Australia's twin ambitions of T20 World Cup and Ashes create selection juggling act

If the team goes deep into the T20 World Cup they would not complete quarantine before the Afghanistan Test

Andrew McGlashan
Andrew McGlashan
Five of Australia's likely starting line-up for the Ashes face entering the series without any red-ball preparation if the team has a successful run at the T20 World Cup.
David Warner, Steven Smith, Pat Cummins, Josh Hazlewood and Mitchell Starc were confirmed in the T20 squad on Thursday and if Australia reach the final on November 14 their quarantine period on returning home would overlap significantly with the Test against Afghanistan in Hobart.
If the team exits at the semi-final stage it would still be very tight to complete 14 days quarantine and play in the Test without government exemptions which may be difficult to gain if the current Covid-19 outbreaks continue, although it is hoped the increase in the vaccine rollout will help.
Only being knocked out in the Super 12 stage, which for Australia ends on November 6, would give a clear window. Even then it is still to be confirmed whether the three teams heading to Australia after the tournament - the home side, Afghanistan and England - will depart as soon as they are knocked out or wait to travel as one group.
"There seems to be a lot of moving parts with that at the moment," national selector George Bailey said. "We are preparing that, all things being equal, that we'll have a full-strength Test squad to select from. If it happens that we get as deep into the T20 tournament as we'd like to and that looks challenging around quarantines and exemptions that will be required, then we'll deal with that at the time. If that's the case they'll be great opportunities for others.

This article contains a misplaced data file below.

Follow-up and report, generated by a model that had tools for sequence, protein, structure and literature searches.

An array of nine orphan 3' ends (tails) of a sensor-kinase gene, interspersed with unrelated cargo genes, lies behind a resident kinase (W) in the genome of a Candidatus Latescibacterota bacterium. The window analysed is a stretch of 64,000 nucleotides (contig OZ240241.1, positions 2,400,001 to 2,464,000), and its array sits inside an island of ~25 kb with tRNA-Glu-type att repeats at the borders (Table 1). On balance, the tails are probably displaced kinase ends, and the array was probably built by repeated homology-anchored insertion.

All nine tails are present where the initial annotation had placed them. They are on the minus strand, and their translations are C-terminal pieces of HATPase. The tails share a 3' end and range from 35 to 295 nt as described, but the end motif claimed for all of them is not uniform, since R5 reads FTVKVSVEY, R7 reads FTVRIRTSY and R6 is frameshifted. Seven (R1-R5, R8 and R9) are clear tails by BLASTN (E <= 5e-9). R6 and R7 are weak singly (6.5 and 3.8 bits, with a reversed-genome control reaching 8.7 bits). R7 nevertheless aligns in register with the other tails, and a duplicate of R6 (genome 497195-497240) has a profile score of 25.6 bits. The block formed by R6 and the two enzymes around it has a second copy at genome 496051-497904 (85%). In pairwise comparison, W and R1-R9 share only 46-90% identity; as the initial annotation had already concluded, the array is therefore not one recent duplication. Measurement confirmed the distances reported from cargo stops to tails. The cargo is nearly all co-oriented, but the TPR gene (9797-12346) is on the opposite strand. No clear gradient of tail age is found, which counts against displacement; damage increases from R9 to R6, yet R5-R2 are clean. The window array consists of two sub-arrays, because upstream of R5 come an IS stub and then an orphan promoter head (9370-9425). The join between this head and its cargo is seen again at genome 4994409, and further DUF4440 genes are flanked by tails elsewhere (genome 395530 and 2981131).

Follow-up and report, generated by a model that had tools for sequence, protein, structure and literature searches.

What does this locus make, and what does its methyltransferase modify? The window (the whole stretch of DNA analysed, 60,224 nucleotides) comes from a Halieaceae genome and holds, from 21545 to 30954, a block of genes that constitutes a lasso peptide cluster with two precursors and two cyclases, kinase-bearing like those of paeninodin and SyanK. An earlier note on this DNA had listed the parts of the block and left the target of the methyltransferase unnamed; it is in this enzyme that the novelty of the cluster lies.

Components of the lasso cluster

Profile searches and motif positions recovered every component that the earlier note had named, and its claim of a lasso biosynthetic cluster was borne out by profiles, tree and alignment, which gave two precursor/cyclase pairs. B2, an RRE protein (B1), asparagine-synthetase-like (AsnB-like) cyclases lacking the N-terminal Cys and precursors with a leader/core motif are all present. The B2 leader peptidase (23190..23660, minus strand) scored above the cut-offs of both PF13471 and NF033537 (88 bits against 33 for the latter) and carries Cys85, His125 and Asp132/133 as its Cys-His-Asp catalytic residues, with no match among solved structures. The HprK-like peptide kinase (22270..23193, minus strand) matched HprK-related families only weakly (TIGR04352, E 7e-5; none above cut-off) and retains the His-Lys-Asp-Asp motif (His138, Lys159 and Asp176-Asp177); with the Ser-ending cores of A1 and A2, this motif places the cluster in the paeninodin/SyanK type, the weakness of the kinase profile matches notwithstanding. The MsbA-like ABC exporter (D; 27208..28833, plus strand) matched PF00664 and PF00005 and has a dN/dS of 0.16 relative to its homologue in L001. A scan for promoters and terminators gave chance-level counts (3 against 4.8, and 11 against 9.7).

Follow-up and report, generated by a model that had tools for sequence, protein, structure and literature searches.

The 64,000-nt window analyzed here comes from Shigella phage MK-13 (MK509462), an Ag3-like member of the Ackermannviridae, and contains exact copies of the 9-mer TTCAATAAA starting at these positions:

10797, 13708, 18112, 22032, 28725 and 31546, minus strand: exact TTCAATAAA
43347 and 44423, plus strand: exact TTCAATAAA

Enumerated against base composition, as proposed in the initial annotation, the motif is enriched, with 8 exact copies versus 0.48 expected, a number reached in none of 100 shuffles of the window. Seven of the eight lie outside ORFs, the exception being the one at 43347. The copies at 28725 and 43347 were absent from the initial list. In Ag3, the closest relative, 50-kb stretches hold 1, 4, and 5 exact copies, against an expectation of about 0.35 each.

"From a player preparation perspective, and I've spoken particularly to our regular bowling Test group about this, it's not the first time they are planning to go into a Test series without perhaps any red-ball matches under their belt. It's a challenge but something they are aware of.
"They are highly experienced and skilled guys so we think they can do. We are in a world at the moment where we aren't dealing with ideals so if that's the case the players will make do and it certainly won't be an excuse for performance."
Smith, who is expected to return to the IPL with Delhi Capitals, faces the challenge of preparing for the Ashes while continuing his recovery from an elbow injury. Bailey said he was progressing well but will still want to increase his volume over the coming months.
"The latest update from him is that he's facing 100 balls in a session pretty comfortably - that's about a quarter of what he'd like to be facing for a Test match so he's got a bit of building up to go there. We have to place some trust in Steve as someone who knows his body and knows exactly what he needs to be able to get out of himself to perform at the level that's required to play for Australia and the standards he set himself, which are fairly lofty."
Were Australia to be without the players from the T20 World Cup against Afghanistan it would open the possibility of the Test attack featuring the likes of James Pattinson, Jhye Richardson, and the uncapped Michael Neser. For someone like Richardson or Moises Henriques, missing out on the World Cup could actually improve their chance of making the Test side if they make the most of the Sheffield Shield matches available.
If Afghanistan, who are hopeful their men's cricket will continue amid the uncertainty caused by the Taliban takeover, were to progress deep into the T20 World Cup it is unclear how that would potentially impact the Test given they would be unable to select a separate group of players whereas Australia can at least fill their gaps from those available around the states.
There has been talk of holding the Hobart Test effectively under quarantine conditions - similar to how the Sydney and Brisbane Tests took place against India last year - although the current outbreak of the Delta variant is causing state governments to tighten their regulations. The Australia squad quarantining in Adelaide after the West Indies and Bangladesh tours has been impacted with the South Australia government initially withdrawing permission for them to train before an agreement was reached on Thursday.

Andrew McGlashan is a deputy editor at ESPNcricinfo